'Can my employer ask me to pay compensation when I resign?'

If an employee is hired on a fixed-term contract, the law requires them to pay a penalty to their company if they break the contract terms

I am working on a limited contract. I have submitted my resignation to my company and they are asking me to serve a one-month notice period and also to pay an additional 45 days' compensation. Is this legal? RD, Abu Dhabi

When anyone accepts a job and signs a contract of employment, it is important to read the paperwork and ask for clarification if any terms or conditions are unclear. The contract must specify whether the contract is for a limited period, also known as a fixed-term contract, or unlimited, which means it does not have a specific end date.

The type of contract makes a difference to the legalities when leaving a job, both on resigning and on termination. This is clearly set out in the UAE Labour Law, which applies to all private mainland companies and is also adopted by most free zones.

RD has chosen to leave his employment during the fixed period. While a limited-term contract can provide for financial compensation if the employee is terminated by the employer, there is a penalty to pay if they resign and break the agreed contract terms. Accepting a fixed-term contract means agreeing to work for the duration of the contract.

Article 116 of the UAE Labour Law states: “Should the contract be rescinded by the worker … the worker shall be bound to compensate the employer for the loss incurred thereto by reason of the rescission of the contract, provided that the amount of compensation does not exceed the wage of half a month for the period of three months or for the remaining period of the contract, whichever is shorter, unless otherwise stipulated in the contract.”

Half pay for three months is broadly equivalent to 45 days of pay and so the employer is correct in that they may apply a penalty for this amount. No employer has to apply this penalty but they can do so legally and most will to recoup the costs they incur when hiring staff.

Is value-added tax applicable if a company sold old furniture to employees? The furniture was purchased in 2017, before VAT came into effect in the UAE? Also, what if a company sold a vehicle to an employee, which it purchased from another person, and no input VAT was claimed on it at the time of the sale to the employee? LC, Dubai

These are technical VAT queries, so I contacted Gemma Nye, manager of Dubai-based Go Figure Accountancy, for her advice.

Regarding the first question, Gemma advised: “A sale of assets by a taxable entity is subject to VAT at the appropriate rate. There are some exemptions, which include the sale of land or residential properties. Also, if the sale of assets qualifies as a transfer of the business as a going concern, then this is outside the scope of VAT.”

The second question is more complex.

“The application of VAT on the sale of a vehicle used within the business depends on a number of scenarios. The VAT rate will either be a taxable supply at 5 per cent or chargeable under the profit margin scheme, depending on which scenario applies on the original purchase," Ms Nye said.

The profit margin scheme is where you charge VAT on the profit only, as per Article 29 of the Executive Regulation. For example, if you sold a vehicle for Dh100,000 and the original purchase price was Dh90,000. This means you made a Dh10,000 profit and VAT would apply to this amount, she added.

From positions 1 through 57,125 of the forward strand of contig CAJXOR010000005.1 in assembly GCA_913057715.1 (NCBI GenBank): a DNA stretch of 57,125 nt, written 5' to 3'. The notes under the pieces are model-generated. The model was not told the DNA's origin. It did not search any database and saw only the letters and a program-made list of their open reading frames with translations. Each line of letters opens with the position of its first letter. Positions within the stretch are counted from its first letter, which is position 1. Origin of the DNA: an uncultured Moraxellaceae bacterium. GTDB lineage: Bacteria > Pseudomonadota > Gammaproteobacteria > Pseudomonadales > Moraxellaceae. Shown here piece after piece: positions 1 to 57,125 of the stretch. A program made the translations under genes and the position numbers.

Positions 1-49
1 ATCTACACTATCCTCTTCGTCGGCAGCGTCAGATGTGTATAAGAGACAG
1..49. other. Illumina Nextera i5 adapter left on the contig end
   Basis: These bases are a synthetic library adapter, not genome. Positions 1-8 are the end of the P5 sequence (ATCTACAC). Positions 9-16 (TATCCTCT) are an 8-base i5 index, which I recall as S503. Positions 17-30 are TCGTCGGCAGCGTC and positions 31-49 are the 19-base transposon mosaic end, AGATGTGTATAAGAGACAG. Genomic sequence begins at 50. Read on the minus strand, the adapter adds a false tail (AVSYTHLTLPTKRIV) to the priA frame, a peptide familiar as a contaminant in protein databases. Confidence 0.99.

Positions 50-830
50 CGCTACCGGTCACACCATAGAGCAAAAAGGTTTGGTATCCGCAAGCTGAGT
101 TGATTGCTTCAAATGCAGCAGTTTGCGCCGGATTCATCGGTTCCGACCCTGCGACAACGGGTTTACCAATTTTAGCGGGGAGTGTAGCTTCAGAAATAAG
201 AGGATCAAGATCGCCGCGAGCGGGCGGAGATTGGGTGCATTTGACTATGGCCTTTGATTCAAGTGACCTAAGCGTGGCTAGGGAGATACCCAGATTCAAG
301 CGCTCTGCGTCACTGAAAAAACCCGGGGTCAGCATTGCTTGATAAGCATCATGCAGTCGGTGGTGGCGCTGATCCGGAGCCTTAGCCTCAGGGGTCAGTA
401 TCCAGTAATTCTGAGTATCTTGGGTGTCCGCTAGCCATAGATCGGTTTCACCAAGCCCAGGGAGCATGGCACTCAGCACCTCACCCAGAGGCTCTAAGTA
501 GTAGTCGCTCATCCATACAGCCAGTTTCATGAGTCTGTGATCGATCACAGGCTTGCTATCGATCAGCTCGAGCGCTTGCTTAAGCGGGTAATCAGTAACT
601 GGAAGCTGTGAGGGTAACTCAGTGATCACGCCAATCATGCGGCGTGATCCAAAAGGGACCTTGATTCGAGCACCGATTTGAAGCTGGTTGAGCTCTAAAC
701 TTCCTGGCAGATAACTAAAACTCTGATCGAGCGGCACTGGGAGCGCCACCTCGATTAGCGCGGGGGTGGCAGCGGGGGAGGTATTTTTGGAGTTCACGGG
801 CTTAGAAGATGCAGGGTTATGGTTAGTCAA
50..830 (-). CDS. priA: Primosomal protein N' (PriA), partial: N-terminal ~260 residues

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If any business has questions or concerns about complex tax issues, they should seek paid, professional advice as making mistakes in VAT reporting can lead to fines
Keren Bobker

The other scenarios include:

  1. If the vehicle was purchased before January 1, 2018, by the company and no input VAT was claimed, the further sale to the employee must be classed as taxable supply at 5 per cent;
  2. If it was purchased by the company after January 2018, and VAT was incurred on the purchase and reclaimed, the further sale must be classed as taxable supply at 5 per cent;
  3. If it was bought by the company after January 1, 2018, and VAT was charged on the purchase but not reclaimed. The reasons for non-recoverable input VAT are specified in Article 53 of the Executive Regulation and can include when a business vehicle is available for personal use. In this case, you have an option to charge it as taxable supply at 5 per cent or you can charge VAT under the profit margin scheme.
  4. If it was purchased after January 1, 2018, and there is no evidence of VAT being recovered after the purchase, the further sale to the employee must be classed as taxable supply at 5 per cent;
  5. If the car was purchased after January 1, 2018, and you have documents to prove VAT was charged on the purchase by a previous supplier, no input VAT is claimed. The further sale can be classed at 5 per cent or under the profit margin scheme.

If any business has questions or concerns about complex tax issues, they should seek paid, professional advice as making mistakes in VAT reporting can lead to fines.

Keren Bobker is an independent financial adviser and senior partner with Holborn Assets in Dubai, with more than 25 years’ experience. Contact her at keren@holbornassets.com. Follow her on Twitter at @FinancialUAE

The advice provided in our columns does not constitute legal advice and is provided for information only

Updated: August 28th 2021, 5:00 AM
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